I'm pretty sure I didn't mishear; it was the hearing the term, "motorist" that made me think,
    "Waitaminute..."
    >
    >It's in the vehicle code in California, and also in the driver's handbook the DMV hands out to
    >prepare for a written test. You are expected to know this stuff.

    I just looked at the Colorado driver's handbook; it says that a "Share the Road" attitude is the
    best policy, but doesn't go into much detail, other than to "expect sudden and unexpected moves from
    them" (cyclists).

    Doug
     
  7. Bill Z.

    Bill Z. Guest

    Doug Haxton <[email protected]> writes:

    > On 22 Jun 2003 10:19:51 -0700, Jym Dyer <[email protected]econet.org> wrote:
    >
    > >> the announcer said (quoting from memory) "Bicycle riders have the same rights and
    > >> responsibilites as other motorists".
    > >
    > >=v= So some announcer fumbled. Who the f2k cares? Ditto for pointless flames about whether
    > >bicycles are vehicles. Life's too short for this kind of blather.
    >
    > Well, they're certainly vehicles...heck, a skateboard is a vehicle. I don't think you could
    > charactarize it as a fumble, though, given that it was pre-recorded; he was obviously reading from
    > a script.

    Not in California: a vehicle is by definition some contraption that is not human powered A horse
    being ridden also qualifies as a vehicle. A skateboard or bicycle does not. The difference, BTW, is
    a technical one due to the rule giving bicyclists the same rights and responsibilities as drivers,

    You can look it up in the CVC, which is available on a web page.

    --
    My real name backwards: nemuaZ lliB
     
  8. Jerz Fox

    Jerz Fox Guest

    >Um, waitaminute...to be a motorist, don't you have to be driving something with a motor?
    >

    Do my two legs count as a motor...? <G>

    Diana B., LPN Diva Nurse

    The JerZ Fox

    Money doesn't buy happiness. Poverty doesn't buy anything.
     
  9. On Sun, 22 Jun 2003 01:36:35 +0000, Doug Haxton wrote:

    > I just heard a public service announcement instructing automobile drivers to share the road with
    > bicycles. Putting aside the issue of whether or not bikes on roads are a good or bad thing,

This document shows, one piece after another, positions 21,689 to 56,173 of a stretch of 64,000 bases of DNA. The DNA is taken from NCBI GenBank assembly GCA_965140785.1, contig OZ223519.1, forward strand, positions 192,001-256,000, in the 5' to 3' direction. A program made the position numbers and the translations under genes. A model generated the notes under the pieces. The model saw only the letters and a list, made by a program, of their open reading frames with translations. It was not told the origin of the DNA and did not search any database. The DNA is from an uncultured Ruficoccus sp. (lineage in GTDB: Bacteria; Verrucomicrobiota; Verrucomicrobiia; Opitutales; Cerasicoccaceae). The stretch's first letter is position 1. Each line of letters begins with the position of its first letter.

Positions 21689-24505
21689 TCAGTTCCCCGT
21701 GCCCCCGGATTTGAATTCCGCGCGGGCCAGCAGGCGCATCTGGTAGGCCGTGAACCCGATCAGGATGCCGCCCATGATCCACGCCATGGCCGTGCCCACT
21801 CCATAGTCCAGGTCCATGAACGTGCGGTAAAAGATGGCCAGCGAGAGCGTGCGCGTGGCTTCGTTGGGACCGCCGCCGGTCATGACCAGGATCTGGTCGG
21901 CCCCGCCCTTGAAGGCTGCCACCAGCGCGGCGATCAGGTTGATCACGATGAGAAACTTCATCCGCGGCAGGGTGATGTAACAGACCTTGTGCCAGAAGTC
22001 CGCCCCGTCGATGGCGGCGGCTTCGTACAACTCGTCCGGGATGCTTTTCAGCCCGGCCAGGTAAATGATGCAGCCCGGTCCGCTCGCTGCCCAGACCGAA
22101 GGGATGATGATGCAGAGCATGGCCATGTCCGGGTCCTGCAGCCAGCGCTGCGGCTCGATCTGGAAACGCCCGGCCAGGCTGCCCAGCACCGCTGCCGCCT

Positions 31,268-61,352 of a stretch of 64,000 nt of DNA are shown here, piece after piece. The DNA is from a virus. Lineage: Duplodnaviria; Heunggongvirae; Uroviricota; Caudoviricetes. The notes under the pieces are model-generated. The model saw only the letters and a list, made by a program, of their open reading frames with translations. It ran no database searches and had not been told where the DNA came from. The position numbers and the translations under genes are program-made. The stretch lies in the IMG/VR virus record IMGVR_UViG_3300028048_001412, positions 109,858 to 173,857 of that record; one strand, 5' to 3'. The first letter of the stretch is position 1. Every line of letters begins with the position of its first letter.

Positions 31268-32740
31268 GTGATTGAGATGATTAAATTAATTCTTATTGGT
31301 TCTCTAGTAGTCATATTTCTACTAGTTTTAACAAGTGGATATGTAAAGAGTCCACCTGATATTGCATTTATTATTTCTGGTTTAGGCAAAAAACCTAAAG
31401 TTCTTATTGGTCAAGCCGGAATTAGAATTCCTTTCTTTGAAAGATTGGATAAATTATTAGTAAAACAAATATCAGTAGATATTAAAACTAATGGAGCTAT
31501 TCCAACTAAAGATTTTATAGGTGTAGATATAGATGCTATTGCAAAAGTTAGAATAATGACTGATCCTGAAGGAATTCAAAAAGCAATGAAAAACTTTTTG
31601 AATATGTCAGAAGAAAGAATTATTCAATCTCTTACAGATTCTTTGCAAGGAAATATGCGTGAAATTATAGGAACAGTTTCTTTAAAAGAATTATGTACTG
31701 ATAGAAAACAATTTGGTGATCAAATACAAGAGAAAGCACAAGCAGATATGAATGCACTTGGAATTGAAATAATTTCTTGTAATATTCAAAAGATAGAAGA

>
    > (I say bad; lots of people on this NG say good. You're not going to change my mind, and I'm not
    > going to change yours. Now that that's behind us...)
    >
    > the announcer said (quoting from memory) "Bicycle riders have the same rights and responsibilites
    > as other motorists".
    >
    > Um, waitaminute...to be a motorist, don't you have to be driving something with a motor?
    >
    > Doug
    In many states bicycles are classifies as vehicles. In most states diving a motor vehicle on public
    roads is a privilege, while riding a bicycle is a right. Best thing is to check your State's DOT
    website for clarification of the law. Motorists get touchy when they are told they don't have the
    "right" to operate a motor vehicle on public roads but the "privilege".
     
  10. In article <[email protected]>, Doug Haxton <[email protected]> wrote:
    >I just looked at the Colorado driver's handbook; it says that a "Share the Road" attitude is the
    >best policy, but doesn't go into much detail, other than to "expect sudden and unexpected moves
    >from them" (cyclists).

    According to the Colorado legislature's web page, Colorado statute 42-4-1412(1) says:

    (1) Every person riding a bicycle shall have all of the rights and duties applicable to the driver
    of any other vehicle under this article, except as to special regulations in this article and
    except as to those provisions which by their nature can have no application. Said riders shall
    comply with the rules set forth in this section and section 42-4-221, and, when using streets
    and highways within incorporated cities and towns, shall be subject to local ordinances
    regulating the operation of bicycles as provided in section 42-4-111.

    --
    ------------------------------------------------------------------------
    Timothy J. Lee Unsolicited bulk or commercial email is not welcome. No warranty of any kind is
    provided with this message.